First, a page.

Wow, it's all coming at you so fast! Go back and look things over to make sure you understand all of this rhythm business. When you're confident that you understand it, move on to some more exciting music theory basics. Don't understand it? No problem. The book, Classical Music For Dummies does a great job of explaining everything and you may want to see if it graces the shelves of your local library or bookstore. To locate someone able to help you learn music theory, take a peek at our 'Links to more information' and our 'teachers' sections.
Pitch, clefs, ledger lines, and more...
Pitch is one of the single most important concepts in music, but fortunately for us, it's also fairly simple. Pitch is simply defined as how high or low a note is. Take a look at a keyboard. The keys farthest to the left are lower in pitch than the ones on the right side of the keyboard
All of the music you will hear is composed of 12 different pitches, and if you look at a piano, you will notice that there is the same pattern of 12 different white and black keys over and over again. The white keys on a keyboard are named different letters of the alphabet, from A to G. The black keys are what we called sharps and flats. Sharps and flats are the notes in between and mean the note is slightly higher (sharp), or slightly lower (flat). So if you hear someone talking about B flat, for instance, you could look on the keyboard and notice that it is the black key to the left of B. How exactly do you tell the difference between a sharp and a flat? Each black key is actually both a sharp and a flat, so C sharp is the same as D flat. So we call, the black keys sharps and flats, but what are the white keys called? These, my friends, are called naturals.
Music Notes: Later on we will learn that the key signature that a piece of music is written in will determine what note is a sharp and which is a flat. Skilled composers are able to carefully notate their music in a way that makes sense musically, even if it does look awkward.
The staff is the basis of all sheet music. It keeps time by being divided up by bar lines, and it also tells you what pitches of notes to play. Now, if we were to try put all of the music on one staff, it wouldn't quite work, and that is why we have what are called clefs. Clefs essentially tell us what set of pitches are notated on the staff. The treble clef, also known as the G clef, is used to notate pitches which are higher and for the most part, the right side of the keyboard. The bass clef is used to notate the lower (bass) notes, which are generally on the left side of the keyboard.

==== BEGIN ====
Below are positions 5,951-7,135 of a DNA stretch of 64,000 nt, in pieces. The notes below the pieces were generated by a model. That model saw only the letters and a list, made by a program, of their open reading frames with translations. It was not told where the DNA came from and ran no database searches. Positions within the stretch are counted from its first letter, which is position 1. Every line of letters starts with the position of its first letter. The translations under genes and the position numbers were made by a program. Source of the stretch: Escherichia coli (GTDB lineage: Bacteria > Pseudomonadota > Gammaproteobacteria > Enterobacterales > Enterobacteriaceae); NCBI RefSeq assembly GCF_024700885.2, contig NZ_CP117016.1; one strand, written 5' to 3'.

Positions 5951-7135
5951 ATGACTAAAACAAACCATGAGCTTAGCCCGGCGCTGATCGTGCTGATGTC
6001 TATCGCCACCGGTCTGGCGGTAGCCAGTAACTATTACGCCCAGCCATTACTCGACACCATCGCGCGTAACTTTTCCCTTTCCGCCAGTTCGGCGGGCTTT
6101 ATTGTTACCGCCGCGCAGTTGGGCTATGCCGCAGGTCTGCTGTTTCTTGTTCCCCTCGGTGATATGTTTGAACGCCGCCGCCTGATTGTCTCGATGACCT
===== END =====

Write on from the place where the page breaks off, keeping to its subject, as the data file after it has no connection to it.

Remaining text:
The treble clef, and the bass clef.
Each line or space on the staff represents a different pitch. The lines of the staff in treble clef, starting from the bottom, are E, G, B, D, F. A common way to remember this is Every Good Boy Does Fine, but I like to think of it as Extra Goodies Before Dinner Failed. And the spaces, also starting from the bottom are F, A, C, and E. Gee, it sure is hard to think of a way to remember these, except for the fact that they spell out face.
The notes of the treble clef
Looking at the bass clef, there isn't that much of a difference from treble clef, except that the pitches are in a slightly different position. The lines of the bass clef are G, B, D, F, E and the spaces are A, C, E ,F.
If you look at a piece of music, you will notice that not all music is contained within the basic lines and spaces of the staff. Sometimes the notes go above or below the staff. Ledger lines are little lines which are drawn in place of the entire staff to help you tell what pitch is being notated. Middle C is notated using ledger lines on the bass clef and the treble clef. The bass and treble clefs are joined together by the middle C on the keyboard.
Middle C and ledger lines on bass and treble clefs
One last thing before we wrap this pitch section up. We forgot to explain how flats and sharps are written. It's really quite simple, a flat is notated by putting a in front of the note you want to make flat, and a sharp is notated by putting a in front of the note you want to make sharp. So, to wrap things up, let's read some music.